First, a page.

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Television

All Things Reconsidered: Six Feet Under

Over the next several weeks, PopMatters will be presenting a series of essays exploring Six Feet Under from the show’s gestation and evolution in regards to HBO’s rise as a haven of quality original programming, all the way to its transcendent final six minutes, which set the bar for perfection of a series finale.

Edited by Jake Meaney

On 3 June 2001, Six Feet Under debuted on HBO to great fanfare and even greater expectations. Alan Ball’s quirky funereal family drama was tapped to be the show that, in the wake of The Sopranos unprecedented popular and critical success, would cement cable’s burgeoning reputation as the home for top quality television series, and HBO’s status as ruling the roost of that home.

And though now, looking back over the last decade of television, it’s hard not to see the success of Six Feet Under as somewhat inevitable, at the time it must have seemed an odd and risky choice. An unclassifiable mix of soap-operaish histrionics infused with a streak of brash, black comedy, the show lurched wildly in tone, temper, character, and plotting over the course of its five season run. It was unpredictable, morally ambiguous and messy -- but then again, so is life. And despite its obvious obsession with mortality -- the absurdity and absoluteness of death is always at the forefront of every episode of the show, literally -- Six Feet Under’s true focus was always on the living, on life and how to live it, how to survive, how to navigate the stormy channels of love, sex and death. Over the course of five seasons, the Fisher clan became one of the most fully realized, fully human -- flawed, funny, infuriating and fallible -- families to inhabit the television landscape.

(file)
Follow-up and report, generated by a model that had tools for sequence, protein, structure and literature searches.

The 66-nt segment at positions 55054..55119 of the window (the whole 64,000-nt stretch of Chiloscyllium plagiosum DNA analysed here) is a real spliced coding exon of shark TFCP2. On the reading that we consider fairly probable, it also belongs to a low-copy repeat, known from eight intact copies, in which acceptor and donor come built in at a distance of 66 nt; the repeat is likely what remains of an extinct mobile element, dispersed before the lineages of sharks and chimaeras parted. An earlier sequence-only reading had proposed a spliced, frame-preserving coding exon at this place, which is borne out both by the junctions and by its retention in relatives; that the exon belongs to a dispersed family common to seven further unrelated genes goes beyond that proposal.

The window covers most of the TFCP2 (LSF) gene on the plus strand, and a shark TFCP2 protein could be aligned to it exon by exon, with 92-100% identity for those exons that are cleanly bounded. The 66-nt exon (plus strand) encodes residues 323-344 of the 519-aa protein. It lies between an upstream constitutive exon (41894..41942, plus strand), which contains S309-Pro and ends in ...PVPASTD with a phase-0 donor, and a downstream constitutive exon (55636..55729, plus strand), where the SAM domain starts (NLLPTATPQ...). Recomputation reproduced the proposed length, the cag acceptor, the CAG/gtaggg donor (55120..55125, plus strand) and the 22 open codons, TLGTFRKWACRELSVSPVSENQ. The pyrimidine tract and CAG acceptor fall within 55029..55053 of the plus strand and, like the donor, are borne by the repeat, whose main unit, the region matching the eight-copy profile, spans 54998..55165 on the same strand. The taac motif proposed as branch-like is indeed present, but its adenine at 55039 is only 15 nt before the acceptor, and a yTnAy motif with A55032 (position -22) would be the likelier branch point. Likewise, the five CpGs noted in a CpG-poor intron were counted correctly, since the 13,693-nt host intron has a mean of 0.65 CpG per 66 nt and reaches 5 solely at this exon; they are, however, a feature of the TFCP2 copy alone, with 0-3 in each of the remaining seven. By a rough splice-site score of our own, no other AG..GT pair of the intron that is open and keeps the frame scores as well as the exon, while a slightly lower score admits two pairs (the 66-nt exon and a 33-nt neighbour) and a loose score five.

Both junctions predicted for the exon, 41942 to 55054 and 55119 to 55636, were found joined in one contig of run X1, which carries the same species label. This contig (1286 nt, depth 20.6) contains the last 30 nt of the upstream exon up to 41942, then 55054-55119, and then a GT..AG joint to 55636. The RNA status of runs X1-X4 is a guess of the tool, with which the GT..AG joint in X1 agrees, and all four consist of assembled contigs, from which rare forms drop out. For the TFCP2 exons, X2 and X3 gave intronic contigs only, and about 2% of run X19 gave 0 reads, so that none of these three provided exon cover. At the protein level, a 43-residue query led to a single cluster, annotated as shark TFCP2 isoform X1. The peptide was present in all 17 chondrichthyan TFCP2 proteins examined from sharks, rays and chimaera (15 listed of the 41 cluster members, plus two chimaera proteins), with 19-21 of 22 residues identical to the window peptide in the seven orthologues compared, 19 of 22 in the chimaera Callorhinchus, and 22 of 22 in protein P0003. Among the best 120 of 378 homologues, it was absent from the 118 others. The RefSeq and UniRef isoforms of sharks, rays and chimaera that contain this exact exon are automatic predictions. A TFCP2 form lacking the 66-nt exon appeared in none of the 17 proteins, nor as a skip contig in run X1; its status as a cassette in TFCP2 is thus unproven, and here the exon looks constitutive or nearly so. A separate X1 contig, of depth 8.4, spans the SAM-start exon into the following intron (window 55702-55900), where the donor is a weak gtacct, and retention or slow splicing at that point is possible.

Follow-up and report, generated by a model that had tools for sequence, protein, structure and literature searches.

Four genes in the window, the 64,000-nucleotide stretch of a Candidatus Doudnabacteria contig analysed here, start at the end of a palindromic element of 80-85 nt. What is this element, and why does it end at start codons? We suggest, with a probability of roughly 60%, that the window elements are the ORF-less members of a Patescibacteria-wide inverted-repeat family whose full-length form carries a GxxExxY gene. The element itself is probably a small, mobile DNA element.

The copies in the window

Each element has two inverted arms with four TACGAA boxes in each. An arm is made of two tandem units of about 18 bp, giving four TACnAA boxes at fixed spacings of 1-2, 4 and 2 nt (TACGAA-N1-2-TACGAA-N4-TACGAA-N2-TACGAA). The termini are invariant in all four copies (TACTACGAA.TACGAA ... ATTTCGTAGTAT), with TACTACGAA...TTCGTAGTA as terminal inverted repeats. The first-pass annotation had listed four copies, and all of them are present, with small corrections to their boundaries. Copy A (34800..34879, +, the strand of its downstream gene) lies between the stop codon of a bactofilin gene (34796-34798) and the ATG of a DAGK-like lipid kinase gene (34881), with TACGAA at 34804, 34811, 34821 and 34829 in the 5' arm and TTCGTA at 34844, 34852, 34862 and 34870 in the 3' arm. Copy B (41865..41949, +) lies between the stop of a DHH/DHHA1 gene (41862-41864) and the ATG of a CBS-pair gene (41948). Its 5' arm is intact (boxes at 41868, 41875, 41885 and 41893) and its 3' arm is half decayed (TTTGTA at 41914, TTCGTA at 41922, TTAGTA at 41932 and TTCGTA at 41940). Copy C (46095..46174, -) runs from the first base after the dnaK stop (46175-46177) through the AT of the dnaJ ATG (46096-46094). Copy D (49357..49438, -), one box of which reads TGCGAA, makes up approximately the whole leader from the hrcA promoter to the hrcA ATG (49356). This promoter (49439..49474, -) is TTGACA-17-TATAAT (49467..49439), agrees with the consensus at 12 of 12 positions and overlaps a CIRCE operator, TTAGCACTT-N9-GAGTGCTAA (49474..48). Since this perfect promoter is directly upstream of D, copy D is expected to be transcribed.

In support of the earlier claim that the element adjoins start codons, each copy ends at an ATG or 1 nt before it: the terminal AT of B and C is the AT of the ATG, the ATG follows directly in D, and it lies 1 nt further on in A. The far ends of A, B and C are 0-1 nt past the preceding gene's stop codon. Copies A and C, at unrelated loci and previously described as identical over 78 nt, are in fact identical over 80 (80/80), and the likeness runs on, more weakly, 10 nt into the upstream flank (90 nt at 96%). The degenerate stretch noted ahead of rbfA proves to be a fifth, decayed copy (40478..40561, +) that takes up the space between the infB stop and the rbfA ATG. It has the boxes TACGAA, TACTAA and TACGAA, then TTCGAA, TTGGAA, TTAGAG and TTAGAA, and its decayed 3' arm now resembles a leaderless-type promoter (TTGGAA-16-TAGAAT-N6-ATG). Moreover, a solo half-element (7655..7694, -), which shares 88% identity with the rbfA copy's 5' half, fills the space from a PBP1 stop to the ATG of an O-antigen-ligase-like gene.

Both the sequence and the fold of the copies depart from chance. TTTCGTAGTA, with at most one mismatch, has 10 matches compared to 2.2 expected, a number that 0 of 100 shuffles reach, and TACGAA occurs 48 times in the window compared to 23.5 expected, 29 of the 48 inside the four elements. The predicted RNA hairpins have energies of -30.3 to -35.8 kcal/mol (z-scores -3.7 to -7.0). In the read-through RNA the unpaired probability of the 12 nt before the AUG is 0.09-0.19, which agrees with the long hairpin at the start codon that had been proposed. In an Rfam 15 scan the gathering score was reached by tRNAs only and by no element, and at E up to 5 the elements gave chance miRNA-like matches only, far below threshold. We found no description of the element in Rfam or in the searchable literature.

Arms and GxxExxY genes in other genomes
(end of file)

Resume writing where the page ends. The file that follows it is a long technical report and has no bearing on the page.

Over the next several weeks, PopMatters will be presenting a series of essays that explore various aspects of the series, from different angles -- from the show’s gestation and evolution in regards to HBO’s rise as a haven of quality original programming, all the way to its transcendent final six minutes, which set the bar for perfection of a series finale. In between we’ll go off on tangents that are unexpected and sometimes odd -- just as the show did itself sometimes.

Since Six Feet Under has been off the air for six years, we presume that the statute of limitations on spoilers has long since expired. But, to get the formality of it out of the way, be it known that all of the pieces herein are positively filthy with spoilers. If you are reading any of this, we assume that you have some familiarity with the show. If you haven’t watched it yet, stop what you are doing right now, grab the first season, fire up the DVD player, and get cracking.

-- Jake Meaney

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